AMERISURE INS CO V RAE LOUISE PLUMB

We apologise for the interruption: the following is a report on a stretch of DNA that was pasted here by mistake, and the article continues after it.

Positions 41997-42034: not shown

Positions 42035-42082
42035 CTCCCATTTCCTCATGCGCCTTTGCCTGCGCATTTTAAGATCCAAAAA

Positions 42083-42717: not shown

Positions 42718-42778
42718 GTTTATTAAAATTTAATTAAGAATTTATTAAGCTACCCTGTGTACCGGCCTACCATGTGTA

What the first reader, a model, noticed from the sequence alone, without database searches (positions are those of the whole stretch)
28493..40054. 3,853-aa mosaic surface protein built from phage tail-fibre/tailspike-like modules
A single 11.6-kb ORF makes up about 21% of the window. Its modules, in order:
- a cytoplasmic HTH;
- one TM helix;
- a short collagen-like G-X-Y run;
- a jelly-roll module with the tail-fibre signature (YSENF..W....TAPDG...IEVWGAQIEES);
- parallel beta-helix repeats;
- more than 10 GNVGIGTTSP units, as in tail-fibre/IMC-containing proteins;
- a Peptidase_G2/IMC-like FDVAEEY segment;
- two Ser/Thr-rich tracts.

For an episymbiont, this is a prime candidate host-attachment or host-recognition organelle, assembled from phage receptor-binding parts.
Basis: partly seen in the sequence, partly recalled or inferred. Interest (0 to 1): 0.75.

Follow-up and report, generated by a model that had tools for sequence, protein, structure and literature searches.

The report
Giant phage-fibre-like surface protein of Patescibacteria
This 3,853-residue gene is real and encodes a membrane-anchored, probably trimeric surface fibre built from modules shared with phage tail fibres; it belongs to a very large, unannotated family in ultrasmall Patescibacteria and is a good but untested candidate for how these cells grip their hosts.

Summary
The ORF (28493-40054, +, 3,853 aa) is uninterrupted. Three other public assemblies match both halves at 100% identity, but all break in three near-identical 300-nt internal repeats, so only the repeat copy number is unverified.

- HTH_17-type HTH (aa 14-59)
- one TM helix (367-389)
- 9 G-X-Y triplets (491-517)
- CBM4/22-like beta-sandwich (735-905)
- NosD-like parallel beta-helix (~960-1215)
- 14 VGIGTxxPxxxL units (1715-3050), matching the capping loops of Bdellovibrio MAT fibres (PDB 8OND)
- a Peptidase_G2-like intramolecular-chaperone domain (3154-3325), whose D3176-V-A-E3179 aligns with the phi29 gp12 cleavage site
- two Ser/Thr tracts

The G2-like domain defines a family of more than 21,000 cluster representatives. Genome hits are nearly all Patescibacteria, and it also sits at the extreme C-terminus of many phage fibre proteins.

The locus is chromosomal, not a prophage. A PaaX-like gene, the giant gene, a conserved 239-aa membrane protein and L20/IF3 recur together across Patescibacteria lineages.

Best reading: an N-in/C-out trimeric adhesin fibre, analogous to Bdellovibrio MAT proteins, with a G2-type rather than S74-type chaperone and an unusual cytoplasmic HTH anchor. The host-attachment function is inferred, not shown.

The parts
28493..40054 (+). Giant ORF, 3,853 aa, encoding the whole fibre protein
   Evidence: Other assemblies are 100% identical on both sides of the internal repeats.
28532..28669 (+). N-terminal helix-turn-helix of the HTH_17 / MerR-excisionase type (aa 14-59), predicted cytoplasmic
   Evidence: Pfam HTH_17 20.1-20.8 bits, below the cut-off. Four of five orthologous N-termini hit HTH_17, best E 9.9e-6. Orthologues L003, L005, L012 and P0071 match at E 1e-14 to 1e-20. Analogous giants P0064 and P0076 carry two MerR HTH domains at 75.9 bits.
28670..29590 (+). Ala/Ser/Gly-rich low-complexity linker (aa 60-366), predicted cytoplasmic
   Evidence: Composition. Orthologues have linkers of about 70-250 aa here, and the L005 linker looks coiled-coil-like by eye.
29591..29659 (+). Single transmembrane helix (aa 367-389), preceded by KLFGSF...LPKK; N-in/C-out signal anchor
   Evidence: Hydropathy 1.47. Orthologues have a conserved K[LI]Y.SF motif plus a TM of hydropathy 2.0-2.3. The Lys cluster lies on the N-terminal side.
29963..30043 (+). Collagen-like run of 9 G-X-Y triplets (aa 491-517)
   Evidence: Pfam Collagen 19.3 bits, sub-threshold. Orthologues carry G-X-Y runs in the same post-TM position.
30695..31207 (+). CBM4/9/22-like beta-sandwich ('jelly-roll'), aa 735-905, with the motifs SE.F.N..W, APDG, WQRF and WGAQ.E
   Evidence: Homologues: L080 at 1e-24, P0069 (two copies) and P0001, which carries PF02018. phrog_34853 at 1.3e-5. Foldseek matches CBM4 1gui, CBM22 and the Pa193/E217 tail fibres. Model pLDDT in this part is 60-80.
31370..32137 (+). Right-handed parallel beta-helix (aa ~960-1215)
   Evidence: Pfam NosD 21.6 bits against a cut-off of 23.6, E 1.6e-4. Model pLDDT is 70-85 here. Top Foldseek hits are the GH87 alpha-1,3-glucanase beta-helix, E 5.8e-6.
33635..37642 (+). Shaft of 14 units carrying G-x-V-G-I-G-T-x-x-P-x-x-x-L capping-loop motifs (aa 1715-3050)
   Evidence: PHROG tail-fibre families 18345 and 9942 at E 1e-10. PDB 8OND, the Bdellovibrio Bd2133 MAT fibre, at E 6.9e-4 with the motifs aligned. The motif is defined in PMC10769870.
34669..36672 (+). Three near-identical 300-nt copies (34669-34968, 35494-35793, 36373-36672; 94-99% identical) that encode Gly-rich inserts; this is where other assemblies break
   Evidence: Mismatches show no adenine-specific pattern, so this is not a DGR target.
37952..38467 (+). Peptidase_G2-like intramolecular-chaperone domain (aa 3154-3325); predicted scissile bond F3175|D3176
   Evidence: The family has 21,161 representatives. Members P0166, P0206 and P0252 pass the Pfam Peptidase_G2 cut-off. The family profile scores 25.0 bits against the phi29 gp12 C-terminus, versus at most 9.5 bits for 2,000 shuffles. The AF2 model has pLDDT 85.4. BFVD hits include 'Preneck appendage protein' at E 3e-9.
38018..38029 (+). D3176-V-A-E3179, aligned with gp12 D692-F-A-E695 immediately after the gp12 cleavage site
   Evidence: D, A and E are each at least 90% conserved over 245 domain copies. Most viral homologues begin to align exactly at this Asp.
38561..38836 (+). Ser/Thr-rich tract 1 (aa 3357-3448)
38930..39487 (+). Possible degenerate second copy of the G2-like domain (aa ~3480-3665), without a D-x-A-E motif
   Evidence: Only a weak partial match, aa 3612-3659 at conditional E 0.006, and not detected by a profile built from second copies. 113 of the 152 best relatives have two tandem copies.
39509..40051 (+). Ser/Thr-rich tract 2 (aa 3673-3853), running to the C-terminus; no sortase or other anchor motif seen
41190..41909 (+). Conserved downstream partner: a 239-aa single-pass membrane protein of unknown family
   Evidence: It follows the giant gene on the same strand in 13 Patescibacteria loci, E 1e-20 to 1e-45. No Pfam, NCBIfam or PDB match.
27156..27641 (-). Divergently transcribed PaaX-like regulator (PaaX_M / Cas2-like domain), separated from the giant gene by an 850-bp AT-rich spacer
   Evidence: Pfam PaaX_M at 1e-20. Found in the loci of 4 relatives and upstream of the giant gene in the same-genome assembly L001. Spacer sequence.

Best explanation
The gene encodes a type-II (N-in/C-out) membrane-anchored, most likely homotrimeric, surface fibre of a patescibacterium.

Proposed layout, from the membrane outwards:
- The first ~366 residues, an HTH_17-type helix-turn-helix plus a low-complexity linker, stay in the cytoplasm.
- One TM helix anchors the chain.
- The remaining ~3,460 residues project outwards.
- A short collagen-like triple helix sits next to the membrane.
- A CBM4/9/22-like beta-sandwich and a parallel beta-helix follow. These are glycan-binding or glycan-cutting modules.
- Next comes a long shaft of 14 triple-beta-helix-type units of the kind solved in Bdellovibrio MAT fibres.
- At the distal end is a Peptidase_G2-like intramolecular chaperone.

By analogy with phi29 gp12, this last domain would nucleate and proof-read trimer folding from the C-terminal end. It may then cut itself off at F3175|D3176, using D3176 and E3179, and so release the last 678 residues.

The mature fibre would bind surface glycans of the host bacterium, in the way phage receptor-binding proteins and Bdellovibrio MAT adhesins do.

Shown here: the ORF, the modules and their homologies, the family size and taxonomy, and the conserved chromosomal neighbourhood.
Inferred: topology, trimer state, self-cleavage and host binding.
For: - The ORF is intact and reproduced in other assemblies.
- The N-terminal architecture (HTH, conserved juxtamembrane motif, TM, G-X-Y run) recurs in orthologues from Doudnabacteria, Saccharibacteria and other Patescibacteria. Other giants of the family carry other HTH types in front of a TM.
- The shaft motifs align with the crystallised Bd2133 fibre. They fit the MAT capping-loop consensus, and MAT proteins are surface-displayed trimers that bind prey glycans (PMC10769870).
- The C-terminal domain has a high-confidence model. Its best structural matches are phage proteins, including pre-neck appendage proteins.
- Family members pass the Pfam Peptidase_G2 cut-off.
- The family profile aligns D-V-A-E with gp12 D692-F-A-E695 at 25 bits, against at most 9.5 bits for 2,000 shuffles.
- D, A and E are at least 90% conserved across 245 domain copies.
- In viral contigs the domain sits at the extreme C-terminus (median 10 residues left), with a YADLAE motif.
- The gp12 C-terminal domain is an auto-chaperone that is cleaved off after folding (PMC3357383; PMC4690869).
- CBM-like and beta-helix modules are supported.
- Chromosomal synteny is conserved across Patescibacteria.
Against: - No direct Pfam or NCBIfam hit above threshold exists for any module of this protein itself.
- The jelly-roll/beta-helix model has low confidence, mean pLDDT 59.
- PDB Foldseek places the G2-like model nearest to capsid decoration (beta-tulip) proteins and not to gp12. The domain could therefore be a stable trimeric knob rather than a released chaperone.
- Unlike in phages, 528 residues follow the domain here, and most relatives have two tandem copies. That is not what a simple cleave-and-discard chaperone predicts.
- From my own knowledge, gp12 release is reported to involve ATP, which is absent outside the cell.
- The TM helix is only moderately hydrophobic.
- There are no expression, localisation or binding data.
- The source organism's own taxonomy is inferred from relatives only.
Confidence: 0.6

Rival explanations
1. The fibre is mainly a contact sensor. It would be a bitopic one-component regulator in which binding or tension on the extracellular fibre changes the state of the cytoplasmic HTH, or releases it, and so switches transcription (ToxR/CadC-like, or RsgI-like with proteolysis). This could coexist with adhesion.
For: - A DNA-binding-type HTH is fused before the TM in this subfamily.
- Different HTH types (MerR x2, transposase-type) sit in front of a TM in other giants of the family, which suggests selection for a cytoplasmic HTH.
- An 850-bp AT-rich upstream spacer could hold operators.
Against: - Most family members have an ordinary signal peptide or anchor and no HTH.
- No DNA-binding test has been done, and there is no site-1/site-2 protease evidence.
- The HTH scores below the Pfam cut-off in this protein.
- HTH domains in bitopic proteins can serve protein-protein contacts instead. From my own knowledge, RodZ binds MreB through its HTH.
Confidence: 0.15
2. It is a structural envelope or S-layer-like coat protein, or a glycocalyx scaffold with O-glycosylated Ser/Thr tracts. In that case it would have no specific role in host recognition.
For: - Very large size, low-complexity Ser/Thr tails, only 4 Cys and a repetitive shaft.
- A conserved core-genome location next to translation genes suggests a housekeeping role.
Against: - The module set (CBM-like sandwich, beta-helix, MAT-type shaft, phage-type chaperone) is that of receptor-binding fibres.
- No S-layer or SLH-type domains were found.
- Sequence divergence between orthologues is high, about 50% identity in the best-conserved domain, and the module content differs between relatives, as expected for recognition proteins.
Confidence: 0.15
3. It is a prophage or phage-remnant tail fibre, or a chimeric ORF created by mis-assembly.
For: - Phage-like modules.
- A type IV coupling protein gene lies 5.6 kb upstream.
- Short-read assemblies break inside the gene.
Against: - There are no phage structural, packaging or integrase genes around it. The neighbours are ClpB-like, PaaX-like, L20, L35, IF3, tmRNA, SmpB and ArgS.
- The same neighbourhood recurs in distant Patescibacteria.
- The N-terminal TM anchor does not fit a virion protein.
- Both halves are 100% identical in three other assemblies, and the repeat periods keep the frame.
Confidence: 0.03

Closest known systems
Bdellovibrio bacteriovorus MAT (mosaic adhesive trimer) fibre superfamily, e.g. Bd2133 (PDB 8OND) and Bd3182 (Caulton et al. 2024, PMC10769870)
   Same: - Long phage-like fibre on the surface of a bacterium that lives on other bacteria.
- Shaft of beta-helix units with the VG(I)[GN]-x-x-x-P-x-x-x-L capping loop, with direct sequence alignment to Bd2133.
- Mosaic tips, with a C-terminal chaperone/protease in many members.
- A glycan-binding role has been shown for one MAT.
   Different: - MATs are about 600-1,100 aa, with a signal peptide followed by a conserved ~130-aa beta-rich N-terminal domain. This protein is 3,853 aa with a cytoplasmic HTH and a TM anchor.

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STATE OF MICHIGAN COURT OF APPEALS AMERISURE INSURANCE COMPANY, FOR PUBLICATION February 10, 2009 9:05 a.m. Plaintiff/CounterdefendantAppellee, v No. 276384 Tuscola Circuit Court LC No. 05-023320-NF RAE LOUISE PLUMB, Defendant/CrossDefendant/Counterplaintiff/CrossPlaintiff-Appellant, Advance Sheets Version and STATE FARM MUTUAL AUTOMOBILE INSURANCE COMPANY, Defendant/Cross-Plaintiff/CrossDefendant-Appellee. Before: Whitbeck, P.J., and O’Connell and K. F. Kelly, JJ. K. F. KELLY, J. In this no-fault insurance case, defendant/cross-defendant/counterplaintiff/cross-plaintiff Rae Louise Plumb appeals1 the trial court’s order granting summary disposition in favor of 1 State Farm Mutual Automobile Insurance Company challenges this Court’s jurisdiction of this appeal pursuant to MCR 7.203(A). State Farm claims that the January 17, 2007, order granting Amerisure Insurance Company summary disposition and the February 5, 2007, order denying Plumb reconsideration are not final orders within the meaning of MCR 7.202(6). State Farm further asserts that, because Plumb has not claimed an appeal of the March 5, 2007, order of judgment, which it contends is the final order, this Court is without jurisdiction and the time for filing a claim has expired. Although the trial court never specifically addressed State Farm’s cross-claim against Plumb or Amerisure’s claim against State Farm, it is clear that these claims were resolved when the trial court concluded that Plumb was not entitled to personal protection (continued…) -1- plaintiff/counterdefendant Amerisure Insurance Company, and the order denying Plumb’s motion for reconsideration, which ultimately denied Plumb personal protection insurance (PIP)2 benefits. The issue raised on appeal requires us to determine the requisite showing a claimant must make under MCL 500.3113(a) in order to obtain PIP benefits. We affirm and hold that § 3113(a) precludes PIP benefits when a motor vehicle is (1) taken unlawfully and the claimant has failed to show (2) that the claimant reasonably believed that he or she was entitled to “take” the vehicle and (3) that the claimant reasonably believed that he or she was entitled to “use” the vehicle. I. Basic Facts and Proceedings Plumb arrived at a bar near Caro, Michigan, about 11:30 p.m. one evening, socializing and consuming alcohol with several men. A couple of hours later, David Shelton drove a Jeep Cherokee to the same bar and parked it in the parking lot. Shelton did not maintain insurance on the Jeep, and although he had entered into an agreement to purchase the Jeep several months earlier, he was not the titled owner. Shelton left his keys in the Jeep, and he did not usually lock his car doors. Plumb and Shelton did not know one another, and during the time they were both in the bar, they never spoke to one another. Shelton did not give Plumb the keys or permission to drive the Jeep, and she did not receive the keys or permission from the titled owner. Plumb left the bar with two men, one of whom she described as Caucasian and wearing a baseball cap and a goatee. Plumb claimed that the unidentified man with the baseball cap and goatee handed her the keys to the Jeep and asked her to drive because he was on probation. Plumb, who did not maintain automobile insurance and did not reside with a relative who carried automobile insurance, was intoxicated, and her driver’s license had been suspended. Shelton left the bar shortly after Plumb and discovered that the Jeep was missing. Later that morning, Plumb was found lying in a field near the bar, having sustained severe burn injuries. In a deep drainage ditch about 250 yards away from Plumb, the police found Shelton’s Jeep, which had been totally consumed by fire. Plumb suffers from a closedhead injury and posttraumatic stress disorder and does not recall all the events leading up to the accident or the accident itself. Police determined that the Jeep had been driven away from the bar across a mowed field and an unmowed hayfield, struck an electric transformer, and ultimately crashed into the drainage ditch. In the mowed field near the parking lot, there were several other sets of tire tracks. The police concluded that Plumb had been driving the Jeep and was its sole occupant. (…continued) insurance benefits pursuant to MCL 500.3113(a). To the extent that these orders are not final orders pursuant to MCR 7.202(6) and there may be remaining, unresolved issues, we exercise our discretion to treat Plumb’s appeal as an application for leave to appeal and grant such an appeal, assuming jurisdiction pursuant to MCR 7.203(B)(1). See Waatti & Sons Electric Co v Dehko, 230 Mich App 582, 585; 584 NW2d 372 (1998). 2 While MCL 500.3101 et seq. uses the phrase “personal protection insurance benefits,” these benefits are commonly known as “PIP” benefits. See Allen v State Farm Mut Automobile Ins Co, 268 Mich App 342, 343 n 1; 708 NW2d 131 (2005) (Bandstra, J.). -2- Defendant/cross-plaintiff/cross-defendant State Farm Mutual Automobile Insurance Company insured the titled owner of the Jeep on the date of the accident. Plumb submitted an application to the Michigan Assigned Claims Facility (MACF), seeking PIP benefits under the no-fault act, MCL 500.3101 et seq. Pursuant to MCL 500.3172, the MACF assigned Plumb’s PIP claim to Amerisure. Amerisure filed a complaint against Plumb and State Farm, seeking a declaratory judgment that Plumb was not entitled to PIP benefits pursuant to MCL 500.3113(a) when the Jeep was taken unlawfully and when Plumb did not have a reasonable belief that “she was entitled to take and use the vehicle.” It further asserted that State Farm was a higher priority insurer than Amerisure pursuant to MCL 500.3114(4)(a). State Farm filed a cross-claim against Plumb, also seeking a declaration that Plumb was not entitled to PIP benefits pursuant to § 3113(a). Plumb filed a counterclaim against Amerisure and a cross-claim against State Farm, claiming that they had both wrongfully denied her PIP benefits. Amerisure moved for summary disposition of its claim against Plumb pursuant to MCR 2.116(C)(10), claiming that she was not entitled to PIP benefits. Amerisure argued that § 3113(a) precluded benefits because there was no genuine issue of material fact that Plumb had unlawfully taken the Jeep without a reasonable belief that she was entitled to take and use it. In reply, Plumb requested summary disposition, arguing that she had not taken the Jeep unlawfully and that she had reasonably believed that she was entitled to take the Jeep. Amerisure and State Farm both requested summary disposition of Amerisure’s claim against State Farm, raising arguments regarding whether State Farm’s insured, the titled owner, had an ownership interest in the Jeep at the time of the accident and whether State Farm was a higher priority insurer than Amerisure. State Farm also adopted Amerisure’s arguments with respect to § 3113(a) and requested summary disposition of Plumb’s cross-claim against State Farm. The trial court granted Amerisure summary disposition, concluding that MCL 500.3113(a) applied and that Plumb was not entitled to PIP benefits because she had unlawfully taken the vehicle. The trial court also ruled that Plumb had presented mere conjecture and speculation with respect to how she received permission to drive the Jeep and that Plumb had not had a reasonable belief that she was entitled to take and use the Jeep. Plumb moved for reconsideration, asserting that the trial court had engaged in improper fact-finding regarding whether she had been given the keys to the Jeep. On reconsideration, the trial court held that, even assuming Plumb had permission to drive the Jeep, she was not entitled to drive it because she did not have a driver’s license and was intoxicated. Accordingly, the trial court held that Plumb was not entitled to PIP benefits. The trial court subsequently entered a judgment dismissing Plumb’s cross-claim against State Farm and her counterclaim against Amerisure. On appeal, Plumb argues that the trial court erred in granting summary disposition because it engaged in impermissible fact-finding and erroneously construed MCL 500.3113(a). We agree that the trial court engaged in impermissible fact-finding and that there was a genuine issue of material fact regarding whether Plumb reasonably believed that she was entitled to take the Jeep. However, we affirm the trial court’s order granting summary disposition because there is no genuine issue of material fact that Plumb did not have a reasonable belief that she was entitled to “use” the Jeep, within the meaning of § 3113(a). -3- II. Standards of Review We review de novo a trial court’s decision regarding a motion for summary disposition. Latham v Barton Malow Co, 480 Mich 105, 111; 746 NW2d 868 (2008). “We review a motion brought under MCR 2.116(C)(10) by considering the pleadings, admissions, and other evidence submitted by the parties in the light most favorable to the nonmoving party.” Id. We also view all legitimate inferences in the light most favorable to the nonmoving party. Houdek v Centerville Twp, 276 Mich App 568, 572-573; 741 NW2d 587 (2007). Summary disposition under MCR 2.116(C)(10) is properly granted when “[e]xcept as to the amount of damages, there is no genuine issue as to any material fact, and the moving party is entitled to judgment or partial judgment as a matter of law.” MCR 2.116(C)(10). “A genuine issue of material fact exists when, giving the benefit of reasonable doubt to the opposing party, the record leaves open an issue on which reasonable minds could differ.” Houdek, supra at 573. We review for an abuse of discretion the trial court’s decision on a motion for reconsideration. Woods v SLB Prop Mgt, LLC, 277 Mich App 622, 629; 750 NW2d 228 (2008). Further, we review de novo questions of statutory interpretation. Echelon Homes, LLC v Carter Lumber Co, 472 Mich 192, 196; 694 NW2d 544 (2005). When construing a statute, “our purpose is to discern and give effect to the Legislature’s intent.” Id. We must first examine the plain language of the statute, and if it is unambiguous, “we presume that the Legislature intended the meaning clearly expressed . . . .” Id. (quotation marks and citation omitted). If the statutory language is unambiguous, we must enforce the statute as written, and no further construction is permitted. Id. In construing the no-fault act in particular, we are mindful that it “is remedial in nature and must be liberally construed in favor of the persons intended to benefit from it.” Turner v Auto Club Ins Ass’n, 448 Mich 22, 28; 528 NW2d 681 (1995). We review for an abuse of discretion a trial court’s ruling on a motion for reconsideration. Woods, supra at 629. “An abuse of discretion occurs when the decision results in an outcome falling outside the range of principled outcomes.” Barnett v Hidalgo, 478 Mich 151, 158; 732 NW2d 472 (2007). III. Statutory Scheme MCL 500.3113 precludes PIP benefits under certain circumstances, and it provides, in pertinent part: A person is not entitled to be paid personal protection insurance benefits for accidental bodily injury if at the time of the accident any of the following circumstances existed: (a) The person was using a motor vehicle or motorcycle which he or she had taken unlawfully, unless the person reasonably believed that he or she was entitled to take and use the vehicle. [Emphasis added.] Thus, PIP benefits will be denied if the taking of the vehicle was unlawful and the person who took the vehicle lacked “a reasonable basis for believing that he [or she] could take and use the vehicle.” Bronson Methodist Hosp v Forshee, 198 Mich App 617, 626; 499 NW2d 423 (1993). When applying § 3113(a), the first level of inquiry will always be whether the taking of the -4- vehicle was unlawful. If the taking was lawful, the inquiry ends because § 3113(a) does not apply. A. Unlawful Taking As this Court has previously observed, the phrase “taken unlawfully” is not defined in the no-fault act. Landon v Titan Ins Co, 251 Mich App 633, 638; 651 NW2d 93 (2002). In Priesman v Meridian Mut Ins Co, 441 Mich 60, 62, 68; 490 NW2d 314 (1992) (Levin, J), our Supreme Court considered the phrase “taken unlawfully” without defining it and determined that a vehicle had not been unlawfully taken when a 14-year-old boy took his mother’s vehicle without her permission. While the lead opinion in Priesman was not binding because only three justices signed it, this Court adopted its reasoning in Butterworth Hosp v Farm Bureau Ins Co, 225 Mich App 244, 245-249; 570 NW2d 304 (1997), and extended this judicially created “‘family member’ joyriding exception” to an adult family member who lived in a separate residence from his parents.3 The Court held that PIP benefits should only be denied if the family member had an actual intent to steal the vehicle. Id. at 249. The Butterworth Court rejected an argument that the driver had taken the vehicle unlawfully because he was physically incapable of safely operating a vehicle and was not eligible to obtain a driver’s license. Id. The Court stated, “[I]t is the unlawful nature of the taking, not the unlawful nature of the use, that is the basis of the exclusion under § 3113(a).” Id. at 250. The Court held that no unlawful taking had occurred within the meaning of § 3113(a). Id. at 249. However, this Court has declined to extend the joyriding exception to nonfamily members. Mester v State Farm Mut Ins Co, 235 Mich App 84, 88; 596 NW2d 205 (1999); Allen v State Farm Mut Automobile Ins Co, 268 Mich App 342, 346; 708 NW2d 131 (2005) (Bandstra, J.). In this case, given that Shelton had possession of the Jeep, had been using it for more than 30 days, and had entered into an arrangement to make payments on the Jeep, he is considered an “owner” of the vehicle for purposes of the no-fault act. MCL 500.3101(2)(g)(i) and (iii). Shelton never gave the keys or permission to drive the Jeep to anyone that night. Although Plumb asserted that she received the keys from the unidentified man, there is no evidence that she received them from Shelton or the titled owner or otherwise had permission to take the Jeep and, accordingly, there is no material question of fact that Plumb lacked Shelton’s consent or implied consent to take the Jeep. Nor is there any evidence to suggest that Plumb had an intent to permanently deprive Shelton of the Jeep, and thus her conduct could be considered joyriding. Mester, supra at 88. However, given that Plumb and Shelton are not family members, the joyriding exception is unavailable. Id.; Allen, supra at 346 (Bandstra, J.). Therefore, there is no genuine issue of material fact that Plumb unlawfully took the Jeep, and § 3113(a) applies. 3 An exemption for joyriding family members does not appear in § 3113(a) or anywhere else in the no-fault act and is inconsistent with the plain language of the statute. This Court recently declared a conflict with Butterworth in Roberts v Titan Ins Co, 281 Mich App 551, 574; 2008 WL 5105160 (2008). However, this Court declined to convene a conflict panel, 281 Mich App 801, and, accordingly, Butterworth remains precedentially binding. We believe that this socalled joyriding exception is worthy of reexamination by our Supreme Court. -5- B. Reasonable Belief of Entitlement to “Take and Use” Having concluded that Plumb unlawfully took the Jeep, the next step in our analysis is to determine whether Plumb “reasonably believed that . . . she was entitled to take and use the vehicle.” MCL 500.3113(a) (emphasis added). We note at the outset that no case has specifically construed the meaning of this particular clause of the statute because the circumstances presented in the cases applying § 3113(a) did not require this Court to address it.4 Because the unlawful taking in this case does not also defeat any legitimate claim that Plumb “reasonably believed that . . . she was entitled to take and use the vehicle,” MCL 500.3113(a), we now find it necessary to address the meaning of the “take and use” clause in § 3113(a). In doing so, we are required to give the words of the statute their plain and ordinary meaning, which may be determined through dictionary definitions. Echelon Homes, supra at 196. Random House Webster’s College Dictionary (1997) defines the word “take” as “to get into one’s hands or possession by voluntary action” and the word “use” as “to employ for some purpose; put into service[.]” Clearly, the terms “take” and “use” are not interchangeable or even synonymous; obtaining possession of an object is very different from employing that object or putting it into service. The term “and” is defined as a conjunction, and it means “with; as well as; in addition to[.]” Id. When given its plain and ordinary meaning, the word “and” between two phrases requires that both conditions be met. See Karaczewski v Farbman Stein & Co, 478 Mich 28, 33; 732 NW2d 56 (2007). We note that the “‘popular use of “or” and “and” is so loose and so frequently inaccurate that it has infected statutory enactments.” Root v Ins Co of North America, 214 Mich App 106, 109; 542 NW2d 318 (1995) (citation omitted). However, “because the words are not interchangeable, we should give them their strict meaning when their accurate 4 A review of relevant caselaw shows that once a court has found an unlawful taking, it treats the unlawful taking, without any analysis, as subsuming any legitimate claim that the claimant reasonably believed that he or she was entitled to take and use the vehicle. It appears that the facts of these cases, unlike those of the case at bar, have compelled such a conclusion, i.e., under those circumstances an unlawful taking also equated with a lack of reasonable belief that one is entitled to take and use a vehicle, and this appears to be the reason why courts have not separately construed the meaning of the “take and use” clause in § 3113(a). For example, in Mester, supra at 88, the claimant and two other girls, all under the age of 15, found a parked truck with keys in it and decided to take it. The Court denied the claimant PIP benefits because she “participated in the unlawful taking of the truck, without permission and without any reason to believe that she was entitled to take or use the truck.” Id. at 89; see also Allen, supra at 344347 (concluding, when a non-family-member driver took another’s vehicle without permission, that the taking was unlawful, thereby precluding PIP benefits, without considering whether the claimant reasonably believed that he was entitled to take and use the vehicle). Notably, in Bronson, supra at 625-627, this Court, in dicta, reached the issue whether the claimant, who had lawfully taken the vehicle, reasonably believed that he was entitled to take and use the vehicle. While § 3113(a) did not apply, the Court concluded that had the claimant unlawfully taken the vehicle, he would have had a reasonable belief of his entitlement to take and use the vehicle because the only other driver was uncomfortable with a manual transmission. Id. The Bronson Court, in coming to this conclusion, did not conduct any statutory analysis and conflated the terms “take” and “use” in applying the law to the facts. Id. -6- reading does not give the text a dubious meaning, and there is no clear contrary legislative intent.” Niles Twp v Berrien Co Bd of Comm’rs, 261 Mich App 308, 319; 683 NW2d 148 (2004). Construing the word “and” as a conjunction does not give the text of § 3113(a) a dubious meaning. On the contrary, it is clear that it requires a driver who obtains a vehicle unlawfully to have (1) a reasonable belief that he or she was entitled to take the vehicle and (2) a reasonable belief that he or she was entitled to use the vehicle. The statute does not contain any clear legislative intent that the term “and” was meant to be applied as providing a choice or alternative between taking the vehicle and using the vehicle. See Auto-Owners Ins Co v Stenberg Bros, Inc, 227 Mich App 45, 50; 575 NW2d 79 (1997) (“The word ‘or’ generally refers to a choice or alternative between two or more things.”). Therefore, in circumstances in which the vehicle was unlawfully taken, the injured party may obtain PIP benefits only if it can be shown (1) that the injured party reasonably believed that he or she was entitled to take the vehicle and (2) that the injured party reasonably believed that he or she was entitled to use the vehicle. IV. Application of MCL 500.3113(a) Having already determined that Plumb unlawfully took the vehicle, we now consider whether Plumb has made the requisite showing. A. Reasonable Belief of Entitlement to Take Shelton asserted that he did not give Plumb or anyone else the keys or permission to drive the Jeep that night. In her answers and pleadings, Plumb initially indicated that she did not remember how she ended up driving the Jeep. Later, in her deposition, she asserted that she remembered the incident after viewing the surveillance videotapes from the bar and participating in therapy. When asked at her deposition if it was true that Plumb did not recall the unidentified man giving her a set of keys, she replied that she did not recall. However, immediately after that, Plumb testified that she recalled the unidentified man helping her into the Jeep, giving her the keys, and asking her to drive because he was on probation. Amerisure claims that Plumb is attempting to create a question of fact by contradicting herself. Although it is well settled that “a party may not create issues of fact through contradiction of that party’s prior sworn statements,” Progressive Timberlands, Inc v R & R Heavy Haulers, Inc, 243 Mich App 404, 411; 622 NW2d 533 (2000), we do not find a contradiction of sworn statements here. Plumb consistently provided one explanation regarding how she came to drive Shelton’s Jeep: an unidentified man handed her the keys and asked her to drive. It appears that Plumb’s memory was refreshed through therapy and viewing the videotape, akin to refreshed memory under MRE 612. Amerisure also focuses on the fact that Plumb’s description of the unidentified man might match Shelton or one of Shelton’s friends. However, Plumb never gave any sworn statements identifying Shelton or his friend as the one who gave her the keys. Therefore, these arguments are unavailing. Given that Plumb left the bar with the unidentified man and claimed that he produced the keys to the Jeep, which was in a parking lot containing very few vehicles, she would have had no reason to doubt that he owned the Jeep. If Plumb received the keys from someone who appeared to own the Jeep, it would have been reasonable for her to believe that she was entitled to take the Jeep within the meaning of § 3113(a). Accordingly, there was a genuine issue of material fact -7- regarding whether Plumb reasonably believed that she was entitled to take the Jeep. Although Plumb’s assertion that an unidentified man gave her the keys to the Jeep may not turn out to be true, it is not for the trial court to make factual findings or weigh credibility when deciding a summary disposition motion. Lytle v Malady (On Rehearing), 458 Mich 153, 176; 579 NW2d 906 (1998) (Weaver, J.). Rather, all reasonable inferences must be drawn in favor of Plumb, the nonmovant. Houdek, supra at 572-573. The trial court erred when it weighed credibility and made impermissible factual findings. B. Reasonable Belief of Entitlement to Use When Plumb’s blood and urine were tested at the hospital after the accident, her blood alcohol content was 0.12 grams per hundred milliliters, and her urine tested positive for cocaine and opiates. A toxicology expert opined that, at 2:15 a.m., when the accident was believed to have occurred, Plumb’s blood alcohol content was between 0.208 and 0.223 grams per hundred milliliters, which is well above the legal limit of 0.08 grams per hundred milliliters pursuant to MCL 257.625(1)(b). Plumb also admitted that, when she got into the Jeep, she knew that she could not legally drive because her driver’s license had been suspended. Therefore, Plumb was not able to legally use the Jeep at the time of the accident. Even given a question of fact regarding whether Plumb reasonably believed that she was entitled to take the Jeep, she could not have reasonably believed that she was entitled to use it. For the purposes of MCL 500.3113(a), we hold that, as a matter of law, one cannot reasonably believe that he or she is entitled to use a vehicle when the person knows that he or she is unable to legally operate the vehicle. Therefore, there was no genuine issue of material fact that Plumb lacked a reasonable belief that she was entitled to use the Jeep, and the trial court properly granted Amerisure summary disposition. For the same reason, the trial court did not abuse its discretion in denying Plumb’s motion for reconsideration. Affirmed. Whitbeck, P.J., concurred. /s/ Kirsten Frank Kelly /s/ William C. Whitbeck -8-